GDPR in practice: The General Data Protection Regulation starts achieving its intended goal
For a number of companies and consumers, 25 May 2018 was a revolutionary milestone in terms of personal data importance. Partly given the significant attention paid by the media, consumers and organisations started recognising their respective rights and obligations. The regulation, which was approved in April 2016 and came into effect two years later, resulted in a number of changes in the functioning of the affected organisations. What changes were they? What is the public perception of the GDPR? Has anything changed in practice at all?
Viewpoint one: consumers
In general, with the practical introduction of the GDPR, consumers have been more interested in their personal data and the form of their subsequent processing through organisations to which the data were provided. Customers are more cautious about the companies that they do not know too well or that have a bad reputation from prior years and they are more likely to read the terms of personal data protection in the companies.
Do you know that… A third of users admit that they do not read company arrangements on personal data protection at all. For more than a half of respondents, potential misuse of personal data for the benefit of a third party is a significant risk and nearly 20% of respondents confirmed potential termination of a business relationship with an organisation from which the personal data disclosed would leak. More than a half of respondents are willing to provide additional personal data in exchange for an option to receive a personalised proposal or a discount. The positive news is that for the same number of respondents, the personal data protection issue has been clearer now.
In terms of exercising rights, the most common knowledge among respondents is that consents may be recalled while the option to transfer and access personal data is the least used right. The study shows in general that more than a half of respondents are aware of the rights resulting from the GDPR; however, only 12% of respondents have ever exercised them. The proportion represents a relatively high number of informed users compared to the results of studies on the implementation of other regulations, where awareness usually ranges between 10-30%.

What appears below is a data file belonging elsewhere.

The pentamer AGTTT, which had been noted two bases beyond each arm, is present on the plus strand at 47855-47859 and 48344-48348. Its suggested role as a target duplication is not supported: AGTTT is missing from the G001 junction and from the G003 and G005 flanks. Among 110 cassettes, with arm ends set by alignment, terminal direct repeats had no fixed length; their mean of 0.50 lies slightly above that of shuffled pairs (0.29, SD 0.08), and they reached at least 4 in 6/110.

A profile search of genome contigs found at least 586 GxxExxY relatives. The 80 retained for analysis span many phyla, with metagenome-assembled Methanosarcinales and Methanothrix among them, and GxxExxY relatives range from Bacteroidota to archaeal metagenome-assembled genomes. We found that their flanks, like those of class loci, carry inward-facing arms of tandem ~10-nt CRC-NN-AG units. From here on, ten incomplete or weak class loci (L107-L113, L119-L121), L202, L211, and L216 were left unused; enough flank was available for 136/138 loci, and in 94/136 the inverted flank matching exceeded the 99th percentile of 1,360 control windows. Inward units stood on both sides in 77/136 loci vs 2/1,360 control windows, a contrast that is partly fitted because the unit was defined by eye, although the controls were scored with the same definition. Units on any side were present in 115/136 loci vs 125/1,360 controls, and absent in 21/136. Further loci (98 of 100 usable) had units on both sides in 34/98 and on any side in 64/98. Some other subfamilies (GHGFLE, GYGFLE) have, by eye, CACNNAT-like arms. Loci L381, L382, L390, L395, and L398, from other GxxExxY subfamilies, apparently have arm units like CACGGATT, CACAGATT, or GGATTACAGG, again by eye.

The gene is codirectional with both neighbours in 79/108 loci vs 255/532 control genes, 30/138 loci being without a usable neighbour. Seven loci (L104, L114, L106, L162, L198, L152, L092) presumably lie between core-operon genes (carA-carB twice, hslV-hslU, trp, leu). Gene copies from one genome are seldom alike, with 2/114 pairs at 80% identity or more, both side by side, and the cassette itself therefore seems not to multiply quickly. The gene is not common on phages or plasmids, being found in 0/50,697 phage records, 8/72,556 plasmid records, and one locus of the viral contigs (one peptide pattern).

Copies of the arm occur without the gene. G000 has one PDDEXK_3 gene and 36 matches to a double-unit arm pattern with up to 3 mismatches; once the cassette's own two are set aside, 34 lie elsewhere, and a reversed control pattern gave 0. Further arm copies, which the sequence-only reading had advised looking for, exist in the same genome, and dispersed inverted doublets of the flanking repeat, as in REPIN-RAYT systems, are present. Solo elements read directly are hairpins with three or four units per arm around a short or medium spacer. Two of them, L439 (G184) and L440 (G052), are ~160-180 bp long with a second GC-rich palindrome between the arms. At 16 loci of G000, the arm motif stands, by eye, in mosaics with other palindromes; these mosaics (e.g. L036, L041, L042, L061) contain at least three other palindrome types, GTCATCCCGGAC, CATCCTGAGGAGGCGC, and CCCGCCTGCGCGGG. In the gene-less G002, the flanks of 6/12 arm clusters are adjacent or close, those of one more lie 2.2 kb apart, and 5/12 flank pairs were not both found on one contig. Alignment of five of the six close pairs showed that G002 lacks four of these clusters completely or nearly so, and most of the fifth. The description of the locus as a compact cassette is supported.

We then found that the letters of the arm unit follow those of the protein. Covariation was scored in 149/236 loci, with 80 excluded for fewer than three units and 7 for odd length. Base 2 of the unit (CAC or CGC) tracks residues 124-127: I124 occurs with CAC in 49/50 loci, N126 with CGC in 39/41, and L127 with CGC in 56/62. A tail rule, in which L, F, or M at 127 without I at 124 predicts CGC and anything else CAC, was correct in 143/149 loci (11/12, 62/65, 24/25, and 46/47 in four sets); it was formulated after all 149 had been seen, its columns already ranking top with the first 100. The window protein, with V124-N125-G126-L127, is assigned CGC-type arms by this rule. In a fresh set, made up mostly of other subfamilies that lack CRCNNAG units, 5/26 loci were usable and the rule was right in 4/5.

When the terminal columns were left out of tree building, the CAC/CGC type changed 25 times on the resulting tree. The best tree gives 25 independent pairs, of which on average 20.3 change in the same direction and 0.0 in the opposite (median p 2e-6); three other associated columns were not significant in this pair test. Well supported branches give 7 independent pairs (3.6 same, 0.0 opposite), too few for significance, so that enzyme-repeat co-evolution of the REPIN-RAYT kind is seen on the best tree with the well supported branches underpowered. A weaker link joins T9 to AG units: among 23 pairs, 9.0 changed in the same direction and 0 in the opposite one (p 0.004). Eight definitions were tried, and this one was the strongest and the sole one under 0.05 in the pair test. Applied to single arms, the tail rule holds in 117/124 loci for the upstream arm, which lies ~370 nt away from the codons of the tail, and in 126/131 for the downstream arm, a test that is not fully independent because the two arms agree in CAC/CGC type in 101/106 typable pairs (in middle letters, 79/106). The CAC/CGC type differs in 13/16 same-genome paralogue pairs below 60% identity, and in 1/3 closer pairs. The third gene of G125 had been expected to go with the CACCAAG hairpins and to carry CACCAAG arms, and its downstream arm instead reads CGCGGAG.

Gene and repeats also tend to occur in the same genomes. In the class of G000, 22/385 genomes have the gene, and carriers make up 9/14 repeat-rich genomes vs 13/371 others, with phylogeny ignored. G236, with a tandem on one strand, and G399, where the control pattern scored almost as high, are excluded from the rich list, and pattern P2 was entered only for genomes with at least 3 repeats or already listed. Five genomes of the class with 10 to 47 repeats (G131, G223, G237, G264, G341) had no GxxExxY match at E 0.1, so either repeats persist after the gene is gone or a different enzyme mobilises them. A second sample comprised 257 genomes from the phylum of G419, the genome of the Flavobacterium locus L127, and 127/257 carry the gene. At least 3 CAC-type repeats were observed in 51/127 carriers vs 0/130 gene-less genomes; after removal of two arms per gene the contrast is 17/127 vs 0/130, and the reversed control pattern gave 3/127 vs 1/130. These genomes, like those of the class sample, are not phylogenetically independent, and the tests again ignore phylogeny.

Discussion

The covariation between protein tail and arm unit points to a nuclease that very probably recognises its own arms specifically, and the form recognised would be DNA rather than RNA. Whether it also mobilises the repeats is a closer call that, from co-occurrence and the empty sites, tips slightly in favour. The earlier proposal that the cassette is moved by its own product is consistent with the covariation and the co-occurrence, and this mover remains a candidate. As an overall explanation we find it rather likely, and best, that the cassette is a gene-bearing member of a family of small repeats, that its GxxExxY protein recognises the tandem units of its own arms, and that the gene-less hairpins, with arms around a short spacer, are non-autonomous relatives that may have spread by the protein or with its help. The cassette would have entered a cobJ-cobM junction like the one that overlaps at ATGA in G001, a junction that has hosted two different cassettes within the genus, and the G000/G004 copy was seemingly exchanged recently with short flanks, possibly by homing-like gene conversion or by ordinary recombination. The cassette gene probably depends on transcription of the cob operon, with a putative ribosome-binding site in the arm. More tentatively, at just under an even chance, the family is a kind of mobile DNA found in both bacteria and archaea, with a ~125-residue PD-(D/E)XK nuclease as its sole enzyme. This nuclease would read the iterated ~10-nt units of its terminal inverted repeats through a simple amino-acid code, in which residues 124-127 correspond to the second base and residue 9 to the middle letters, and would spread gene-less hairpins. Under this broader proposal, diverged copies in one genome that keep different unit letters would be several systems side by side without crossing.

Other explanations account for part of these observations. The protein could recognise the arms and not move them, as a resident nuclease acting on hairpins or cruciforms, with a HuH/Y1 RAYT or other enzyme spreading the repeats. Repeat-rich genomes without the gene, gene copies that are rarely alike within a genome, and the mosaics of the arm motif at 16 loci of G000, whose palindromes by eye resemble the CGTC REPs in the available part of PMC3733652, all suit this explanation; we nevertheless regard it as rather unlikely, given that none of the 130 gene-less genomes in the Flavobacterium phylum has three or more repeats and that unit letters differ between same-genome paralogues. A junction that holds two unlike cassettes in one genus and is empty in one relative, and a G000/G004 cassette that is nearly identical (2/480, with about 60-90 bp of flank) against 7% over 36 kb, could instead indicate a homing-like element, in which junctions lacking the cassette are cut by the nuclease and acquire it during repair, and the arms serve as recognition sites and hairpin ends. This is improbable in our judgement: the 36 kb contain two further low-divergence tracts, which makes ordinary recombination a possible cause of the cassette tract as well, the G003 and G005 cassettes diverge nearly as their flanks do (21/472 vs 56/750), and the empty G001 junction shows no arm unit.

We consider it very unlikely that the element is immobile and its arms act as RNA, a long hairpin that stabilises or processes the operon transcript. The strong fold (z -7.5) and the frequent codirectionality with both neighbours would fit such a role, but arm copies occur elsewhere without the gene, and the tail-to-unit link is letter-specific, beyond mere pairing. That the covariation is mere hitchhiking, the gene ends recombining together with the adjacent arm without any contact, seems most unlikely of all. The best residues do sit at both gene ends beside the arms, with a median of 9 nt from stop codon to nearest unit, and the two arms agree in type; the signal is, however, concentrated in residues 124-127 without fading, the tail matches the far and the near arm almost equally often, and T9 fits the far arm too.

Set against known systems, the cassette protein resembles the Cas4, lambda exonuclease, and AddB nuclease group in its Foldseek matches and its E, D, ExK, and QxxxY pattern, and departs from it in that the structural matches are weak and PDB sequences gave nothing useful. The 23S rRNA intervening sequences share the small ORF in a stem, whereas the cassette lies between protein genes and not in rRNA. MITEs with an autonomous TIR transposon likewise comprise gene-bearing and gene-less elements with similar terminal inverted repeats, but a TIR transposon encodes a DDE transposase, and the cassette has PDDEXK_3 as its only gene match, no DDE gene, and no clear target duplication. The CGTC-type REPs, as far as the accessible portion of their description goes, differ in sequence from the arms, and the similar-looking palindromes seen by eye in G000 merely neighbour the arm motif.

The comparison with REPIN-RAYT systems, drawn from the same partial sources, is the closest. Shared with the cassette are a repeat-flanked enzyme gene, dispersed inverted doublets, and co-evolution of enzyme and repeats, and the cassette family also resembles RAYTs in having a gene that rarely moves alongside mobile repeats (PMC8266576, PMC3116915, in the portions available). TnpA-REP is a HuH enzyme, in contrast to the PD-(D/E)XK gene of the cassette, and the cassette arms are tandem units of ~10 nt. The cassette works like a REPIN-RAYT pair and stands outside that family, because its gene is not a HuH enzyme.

Viewpoint two: organisations
Preparation for 25 May 2018 required from many organisations much time as well as significant financial investments that the companies continue to make after the key date in May. Many of them increased their HR capacities due to the GDPR implementation but in their opinion, they are still insufficient. The most frequent obstacle is the lack of funds for the long-term engagement of external human resources. In terms of increasing in-house resources, firms often face a low number of qualified people on the labour market, which primarily relates to the low unemployment rate.
At the same time, 92% of organisations have confirmed that they have been able to keep the implemented standards in the long-term horizon. It may be concluded that most organisations use various internal and external tools to support GDPR-related activities. Another crucial factor is the ethical and responsible behaviour of organisations in the sector. Compliance with the rules relating to the GDPR implementation is one of the key factors in building an organisation’s confidence and good reputation. 59% of respondents agree with this statement. Nearly a half of respondents believe that now organisations have been committed to correctness in personal data management more than before the GDPR implementation. The consumer awareness of the processing and using data by organisations has also increased.
We did extensive research on the GDPR in 11 countries covering 2,750 respondents. The purpose of the study was to identify the progress of implementation and the impacts of related GDPR measures from the point of companies and the affected consumers half a year after the effective date. Are you interested in more details? Look through the entire report.
View of practice: The GDPR in the Czech Republic
What is our experience from GDPR projects? We can confirm that the study conclusions correspond more or less to our experience from the implementation of projects in the Czech Republic. The GDPR’s coming into force resulted in a wave of applications to exercise data subject rights, which was in many situations driven by the initial euphoria in finding out “what the company knows about me”. The number of applications has continuously decreased with time and after six months, the exercise of rights is more frequently required by persons who have a real interest in exercising some of their rights than it was shortly after the effective date.
On the part of companies, the initial stress from the effective date has been released, many companies have been working on fine-tuning and increasing the effectiveness of their processes, which were often designed in a hurry in order to meet the deadline in May. Some of the organisations consider a possible synergy with the expected ePrivacy regulation. The regulation aims at protecting the content of communication (such as instant messaging, VoIP, e-mail and communication services) together with the data produced by these means of communication. In business terms, we can expect considerable impacts on possible monetisation of data collected through cookies.